Trading 20 Day Exponential Moving Average
Technical Analysis Of Stocks And Commodities Using Basic Indicators
Last weekend I was asked by numerous traders who practice technical analysis of stocks and commodities, what indicator I preferred to use the most. The answer was the Exponential Moving Average or (EMA) for short.
I demonstrated yesterday how to use the EMA to measure pullbacks away from the main trend. The method is rather simple but works remarkably well for finding stocks and other markets that are trending and more importantly measuring a pullback away from the trend.
In a nutshell we found a stock that was trending strongly above the 20 Day EMA and waited for the stock to trade completely below the 20 day EMA. We waited a few days for the stock to come back completely above the moving average, and I don’t recommend you wait more than 5 days for this event to occur.
In other words once the stock drops completely below the 20 day EMA, you should wait no more than 5 trading days for the stock to rally above the 20 day EMA. You can see the entire process that I just described in this chart. The market first rallied above the 20 day EMA then traded below the 20 day EMA and finally within 2 days traded completely above the 20 day EMA.
Creating A Complete Trading Method Using 20 Day Exponential Moving Average
Today I’m going to show you the correct way to enter this strategy and where to place your stop loss order. I highly suggest you pick stocks, futures or forex markets that are going through volatile periods. Most swing trading methods require strong volatility and this method is no exception.
You can see in this example how Facebook stock began trading well above the 20 day EMA before moving completely below the average. The stock stayed below the EMA for less than 2 trading sessions. Remember you never want the stock or other market you are trading to stay below the average for more than 5 trading days.
Once the market trades back above the EMA we want of find a strategic entry point so that we don’t get stopped out randomly due to market noise.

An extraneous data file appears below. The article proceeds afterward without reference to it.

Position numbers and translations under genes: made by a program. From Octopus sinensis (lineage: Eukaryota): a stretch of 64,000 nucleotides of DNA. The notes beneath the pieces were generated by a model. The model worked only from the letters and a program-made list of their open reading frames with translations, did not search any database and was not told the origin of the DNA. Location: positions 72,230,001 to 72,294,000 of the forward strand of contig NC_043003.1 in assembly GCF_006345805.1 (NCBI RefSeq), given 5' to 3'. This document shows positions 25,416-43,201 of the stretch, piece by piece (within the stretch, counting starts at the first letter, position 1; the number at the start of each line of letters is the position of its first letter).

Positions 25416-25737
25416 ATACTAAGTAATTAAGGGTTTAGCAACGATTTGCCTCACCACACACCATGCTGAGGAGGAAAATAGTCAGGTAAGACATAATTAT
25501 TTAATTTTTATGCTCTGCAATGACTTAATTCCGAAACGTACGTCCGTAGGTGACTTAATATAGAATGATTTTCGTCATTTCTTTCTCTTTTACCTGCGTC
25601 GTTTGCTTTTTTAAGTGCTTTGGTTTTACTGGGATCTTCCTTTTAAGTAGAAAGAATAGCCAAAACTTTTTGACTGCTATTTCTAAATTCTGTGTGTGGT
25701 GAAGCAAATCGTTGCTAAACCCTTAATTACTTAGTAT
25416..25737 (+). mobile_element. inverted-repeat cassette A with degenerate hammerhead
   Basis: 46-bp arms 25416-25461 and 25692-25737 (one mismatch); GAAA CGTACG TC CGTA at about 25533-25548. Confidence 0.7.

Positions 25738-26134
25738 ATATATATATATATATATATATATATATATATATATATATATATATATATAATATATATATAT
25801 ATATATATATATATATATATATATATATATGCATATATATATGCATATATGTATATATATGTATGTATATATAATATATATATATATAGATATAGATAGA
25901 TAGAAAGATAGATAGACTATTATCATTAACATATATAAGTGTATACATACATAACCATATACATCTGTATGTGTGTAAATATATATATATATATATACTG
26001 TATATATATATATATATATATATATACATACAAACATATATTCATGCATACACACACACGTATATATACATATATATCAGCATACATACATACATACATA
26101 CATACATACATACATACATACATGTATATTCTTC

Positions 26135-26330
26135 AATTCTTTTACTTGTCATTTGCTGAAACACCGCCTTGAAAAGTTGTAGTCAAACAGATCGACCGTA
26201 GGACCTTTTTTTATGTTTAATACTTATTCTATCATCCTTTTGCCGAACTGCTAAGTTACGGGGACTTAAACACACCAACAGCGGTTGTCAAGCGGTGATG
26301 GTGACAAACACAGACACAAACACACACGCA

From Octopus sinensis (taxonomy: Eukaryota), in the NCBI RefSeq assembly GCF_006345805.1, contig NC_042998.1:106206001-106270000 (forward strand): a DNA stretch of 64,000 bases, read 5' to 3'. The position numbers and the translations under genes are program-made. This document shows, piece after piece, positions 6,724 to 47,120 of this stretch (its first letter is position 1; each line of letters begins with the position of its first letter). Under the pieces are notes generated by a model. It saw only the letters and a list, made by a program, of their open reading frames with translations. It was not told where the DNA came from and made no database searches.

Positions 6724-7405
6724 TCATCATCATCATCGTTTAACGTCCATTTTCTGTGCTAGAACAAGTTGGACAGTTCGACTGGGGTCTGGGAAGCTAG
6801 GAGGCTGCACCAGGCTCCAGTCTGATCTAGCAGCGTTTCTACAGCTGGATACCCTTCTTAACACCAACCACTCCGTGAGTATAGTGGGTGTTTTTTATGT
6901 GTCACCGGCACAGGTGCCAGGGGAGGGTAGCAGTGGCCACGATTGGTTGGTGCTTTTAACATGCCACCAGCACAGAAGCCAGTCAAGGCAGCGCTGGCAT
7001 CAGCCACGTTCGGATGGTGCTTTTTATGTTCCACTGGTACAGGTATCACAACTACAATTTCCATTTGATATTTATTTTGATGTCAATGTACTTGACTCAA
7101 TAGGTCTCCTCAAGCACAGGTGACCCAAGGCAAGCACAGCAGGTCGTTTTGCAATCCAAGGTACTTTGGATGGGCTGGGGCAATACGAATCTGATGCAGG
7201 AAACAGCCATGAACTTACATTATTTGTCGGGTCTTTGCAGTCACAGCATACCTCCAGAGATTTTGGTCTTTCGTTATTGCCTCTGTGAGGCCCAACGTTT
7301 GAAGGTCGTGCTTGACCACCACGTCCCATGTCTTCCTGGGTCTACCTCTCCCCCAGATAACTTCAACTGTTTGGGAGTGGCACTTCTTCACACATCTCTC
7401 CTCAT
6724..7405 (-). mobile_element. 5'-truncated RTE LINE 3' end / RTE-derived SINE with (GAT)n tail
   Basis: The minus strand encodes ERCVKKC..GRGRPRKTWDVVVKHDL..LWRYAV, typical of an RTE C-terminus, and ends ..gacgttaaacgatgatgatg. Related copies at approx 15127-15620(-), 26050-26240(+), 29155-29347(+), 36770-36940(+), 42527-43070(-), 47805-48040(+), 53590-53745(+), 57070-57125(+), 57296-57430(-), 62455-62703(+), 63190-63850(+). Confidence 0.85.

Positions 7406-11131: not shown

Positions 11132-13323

I prefer to place my entry order immediately above the first bar that trades completely back above the EMA. I place a buy stop order $.025 cents above the high that was achieved the first day the stock trades completely above the EMA. Although I’m using stocks in this example, the method applies to commodities, futures and currencies as well.
You want to make sure to monitor the market and make sure you cancel your entry stop order if the trade doesn’t fill the first day after you place your stop order. You want to see strong momentum coming back into the market after the cross over above the EMA occurred. If the market doesn’t move straight up the odds are the set up is weak and you may want to look at other stocks or markets.
Where To Place Your Protective Stop Loss Order
I want to place my stop loss order at a strategic level so that I don’t get stopped out prematurely due to volatility and market noise. One of the biggest reasons many trades don’t work out is because the stop loss level is not placed at a strategic level.
There’s nothing more frustrating that watching your favorite market or stock get stopped out only to see a strong continuation in your direction. Make sure you place your stop loss order at the moving average price level immediately between the first bar completely below the EMA and the first bar immediately above the EMA. This may sound a bit confusing so I provided an example for you to see exactly where the stop loss level would be.
Example From The Short Side
Just in case the example above was a bit confusing I’m going to confuse you even more by showing you the entire sequence from the short side. I’m just kidding about the confusing you more part.
I really think it’s a good idea to see how the set up looks visually from the long side as well as the short side. Notice in this particular example the stock only stayed above the moving average for 3 trading days.
Remember the stop loss placement goes at the moving average level between the first bar outside of the moving average and the first bar inside the moving average. You can see both bars identified in this graph.
Now that you know how to identify the set up and the first bar inside and outside of the moving average, you should place your stop loss at the moving average level of the area immediately between the two bars. You can get a good idea from this graph exactly where the stop loss level is placed. This is a buy stop not a stop loss because we are selling short.
Tomorrow I will conclude this three part series on building a complete strategy using the 20 day EMA. We are going to go over profit targets and I will show you the best way to calculate your profit target levels for this strategy. For more on this topic, please go to: Breakout Trading Strategies 101 and Technical Analysis Trading – Double Tops And Bottoms
Wishing you the best
By Roger Scott